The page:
Even though the majority of charitable trading income flows from government, Prior says that social investment is not as well suited to helping organisations win government funding.

 

“The largest slice is actually direct-to-consumer,” he says. “It’s so much quicker. Commissioning is often very slow. If you have a start-up you can’t wait for government to make a decision. You want to get it off the ground quickly.”

 

To reach more people, social investment must be affordable. But BSC invests money in retail investors at a profit. And those investors too must make a profit. Most charities want quite small loans, and the high cost of due diligence on these investments makes it hard for them to be affordable. Can social-sector bodies take these loans, and still pay manageable rates?

 

“The price of money is something that keeps coming up,” Prior says. “I think it’s pretty fair to say that the interest rates on social-investment loans are low compared to the level of risk. But most charities work on paper-thin margins, so even modest interest rates might be unaffordable.”

 

Social investment corrupts?

 

Prior has also heard the criticisms that social investment corrupts – that it forces charities into serving the will of the lender, rather than the needs of the beneficiary. He is dubious. Anyone running a social organisation must think about both impact and funding, he says.

 

“I have worked in the social sector for 40 years,” he says. “You can’t run a social organisation without thinking about your surplus. And if you aren’t thinking about your impact, what’s the point of doing it? It’s like asking someone if they want to keep breathing or their heart to keep beating.
“So I don’t think social investment has forced anyone to do anything of the sort.”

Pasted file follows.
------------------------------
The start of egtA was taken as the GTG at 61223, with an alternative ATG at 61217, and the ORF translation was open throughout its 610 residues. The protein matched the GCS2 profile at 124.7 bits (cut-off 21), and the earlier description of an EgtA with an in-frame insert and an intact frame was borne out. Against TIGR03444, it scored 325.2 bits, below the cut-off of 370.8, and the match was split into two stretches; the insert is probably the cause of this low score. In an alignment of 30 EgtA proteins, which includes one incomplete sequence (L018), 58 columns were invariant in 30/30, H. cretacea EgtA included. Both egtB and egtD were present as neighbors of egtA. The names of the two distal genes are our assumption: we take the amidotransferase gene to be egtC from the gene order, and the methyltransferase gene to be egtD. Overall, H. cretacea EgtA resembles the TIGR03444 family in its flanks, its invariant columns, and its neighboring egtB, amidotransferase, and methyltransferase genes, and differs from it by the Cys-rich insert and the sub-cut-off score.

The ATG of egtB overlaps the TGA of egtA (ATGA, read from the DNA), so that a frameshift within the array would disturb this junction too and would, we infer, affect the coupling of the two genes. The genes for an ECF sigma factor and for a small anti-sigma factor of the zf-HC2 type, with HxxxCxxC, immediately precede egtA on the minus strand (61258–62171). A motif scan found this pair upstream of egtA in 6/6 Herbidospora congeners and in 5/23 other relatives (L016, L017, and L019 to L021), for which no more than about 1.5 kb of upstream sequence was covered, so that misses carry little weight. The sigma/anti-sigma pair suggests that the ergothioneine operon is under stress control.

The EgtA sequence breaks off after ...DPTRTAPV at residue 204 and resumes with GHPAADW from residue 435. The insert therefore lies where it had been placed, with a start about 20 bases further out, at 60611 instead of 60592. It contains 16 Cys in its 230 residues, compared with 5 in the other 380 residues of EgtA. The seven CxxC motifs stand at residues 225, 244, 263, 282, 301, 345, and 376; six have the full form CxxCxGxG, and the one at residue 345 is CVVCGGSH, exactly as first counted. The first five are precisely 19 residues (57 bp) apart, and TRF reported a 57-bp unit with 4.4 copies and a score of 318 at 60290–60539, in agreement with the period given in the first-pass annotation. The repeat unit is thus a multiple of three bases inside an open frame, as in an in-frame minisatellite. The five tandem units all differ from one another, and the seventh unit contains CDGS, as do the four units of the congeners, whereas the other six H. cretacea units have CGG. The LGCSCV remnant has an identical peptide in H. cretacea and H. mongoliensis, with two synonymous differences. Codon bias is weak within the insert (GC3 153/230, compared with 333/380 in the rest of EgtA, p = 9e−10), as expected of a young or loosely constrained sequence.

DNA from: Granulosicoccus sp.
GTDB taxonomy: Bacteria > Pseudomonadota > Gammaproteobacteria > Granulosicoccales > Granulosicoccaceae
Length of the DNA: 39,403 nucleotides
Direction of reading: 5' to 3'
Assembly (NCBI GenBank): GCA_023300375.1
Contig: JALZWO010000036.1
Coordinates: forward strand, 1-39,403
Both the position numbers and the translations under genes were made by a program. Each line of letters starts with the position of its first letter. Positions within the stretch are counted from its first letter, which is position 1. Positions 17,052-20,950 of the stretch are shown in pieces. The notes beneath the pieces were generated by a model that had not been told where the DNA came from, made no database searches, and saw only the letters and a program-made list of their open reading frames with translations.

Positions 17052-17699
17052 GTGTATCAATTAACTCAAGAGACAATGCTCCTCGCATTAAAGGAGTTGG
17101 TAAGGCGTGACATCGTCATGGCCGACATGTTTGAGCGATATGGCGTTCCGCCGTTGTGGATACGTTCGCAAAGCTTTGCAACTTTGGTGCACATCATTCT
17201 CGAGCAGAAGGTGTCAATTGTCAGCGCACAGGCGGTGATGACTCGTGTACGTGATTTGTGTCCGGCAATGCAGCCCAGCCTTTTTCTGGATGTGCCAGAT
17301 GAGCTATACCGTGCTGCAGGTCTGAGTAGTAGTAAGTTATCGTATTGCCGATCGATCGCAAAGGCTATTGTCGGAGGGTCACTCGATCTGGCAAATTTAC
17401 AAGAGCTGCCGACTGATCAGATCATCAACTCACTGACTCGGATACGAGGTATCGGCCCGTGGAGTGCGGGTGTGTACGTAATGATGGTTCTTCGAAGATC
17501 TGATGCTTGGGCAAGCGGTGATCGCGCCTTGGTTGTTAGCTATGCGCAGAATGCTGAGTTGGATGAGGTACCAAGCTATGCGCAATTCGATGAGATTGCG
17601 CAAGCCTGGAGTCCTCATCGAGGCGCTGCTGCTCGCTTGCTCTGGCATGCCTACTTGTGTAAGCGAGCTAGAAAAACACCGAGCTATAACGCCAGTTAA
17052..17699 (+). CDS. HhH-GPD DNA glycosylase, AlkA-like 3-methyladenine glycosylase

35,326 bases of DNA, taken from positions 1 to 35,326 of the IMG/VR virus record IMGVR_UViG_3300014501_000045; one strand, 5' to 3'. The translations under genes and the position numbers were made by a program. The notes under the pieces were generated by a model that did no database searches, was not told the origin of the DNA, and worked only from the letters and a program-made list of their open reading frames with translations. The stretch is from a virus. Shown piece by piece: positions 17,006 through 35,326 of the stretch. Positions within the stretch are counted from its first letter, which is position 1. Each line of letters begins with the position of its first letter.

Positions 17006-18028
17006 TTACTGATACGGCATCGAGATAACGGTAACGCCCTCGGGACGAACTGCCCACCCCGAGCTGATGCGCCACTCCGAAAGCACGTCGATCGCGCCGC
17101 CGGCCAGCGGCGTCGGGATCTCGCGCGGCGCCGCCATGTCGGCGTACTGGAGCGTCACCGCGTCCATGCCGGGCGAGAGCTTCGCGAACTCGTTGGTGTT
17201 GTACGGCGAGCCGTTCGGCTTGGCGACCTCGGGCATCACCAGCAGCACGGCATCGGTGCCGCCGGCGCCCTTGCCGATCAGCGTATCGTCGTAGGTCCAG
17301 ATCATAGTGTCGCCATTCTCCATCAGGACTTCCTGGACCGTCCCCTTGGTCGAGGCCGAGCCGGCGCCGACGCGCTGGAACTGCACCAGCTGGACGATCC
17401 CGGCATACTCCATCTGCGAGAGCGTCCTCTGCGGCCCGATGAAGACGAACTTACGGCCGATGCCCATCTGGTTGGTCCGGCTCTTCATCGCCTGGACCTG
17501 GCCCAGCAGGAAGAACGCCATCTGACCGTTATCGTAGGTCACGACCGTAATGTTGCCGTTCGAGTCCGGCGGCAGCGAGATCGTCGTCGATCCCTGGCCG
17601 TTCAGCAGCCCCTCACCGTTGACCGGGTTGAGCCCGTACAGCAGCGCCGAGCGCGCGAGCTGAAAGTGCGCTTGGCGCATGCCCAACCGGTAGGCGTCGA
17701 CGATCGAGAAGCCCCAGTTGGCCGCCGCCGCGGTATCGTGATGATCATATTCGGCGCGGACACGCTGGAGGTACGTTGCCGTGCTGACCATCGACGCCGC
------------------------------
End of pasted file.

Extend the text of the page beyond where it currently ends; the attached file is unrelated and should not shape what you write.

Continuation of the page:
Prior himself comes into the job with a reputation for favouring “profit-with-purpose” organisations, which do not have the asset lock that protects charities and social enterprises. But he thinks this has been overblown. And he says that profit-with-purpose businesses are less likely to need BSC money.

 

“The way to look at profit with purpose is that it’s fantastic that 20 to 25 per cent of people who want to create businesses would like them to have social purposes. If you’re distributing profit you have more options. You can raise commercial capital and it’s less likely you’ll need to look to social investment.

 

“At the moment BSC makes 90 per cent of its investments in asset-locked bodies and we wouldn’t expect that to change hugely.”

 

Over recent years, social investment has been the recipient of a laundry list of policy initiatives. Prior is not campaigning for more. “If I had a wish for the sector in the next Budget, it wouldn’t be for social investment,” he says.

 

Image problem?

 

Too many charities believe that social finance is full of – in the memorable words of social entrepreneur Liam Black – “eejits from the City sniffing around in their pinstripes, displaying an arrogant stupidity which makes me ache to slap their smug chops”.

 

Prior says this perception is not accurate – certainly not where BSC is concerned. “My guess is that most people think this place is full of people from finance and the banks,” he says. “And there are some. But we employ just as many people from the social sector. Hopefully we’ll gain the trust of people over time and people can see the reality.

 

“Social investment is about doing good. It’s not about fancy commissions making recommendations or about things determined by corporate interest.”

 

Most of the problems BSC faces, he says, are simply those of a new market, not yet well understood. He expects this to change as the movement gains critical mass.

 

“Doing something new is brave, and it’s easier to be brave in company,” he says. “The more organisations that club together to share expertise, the more success social investment will have.”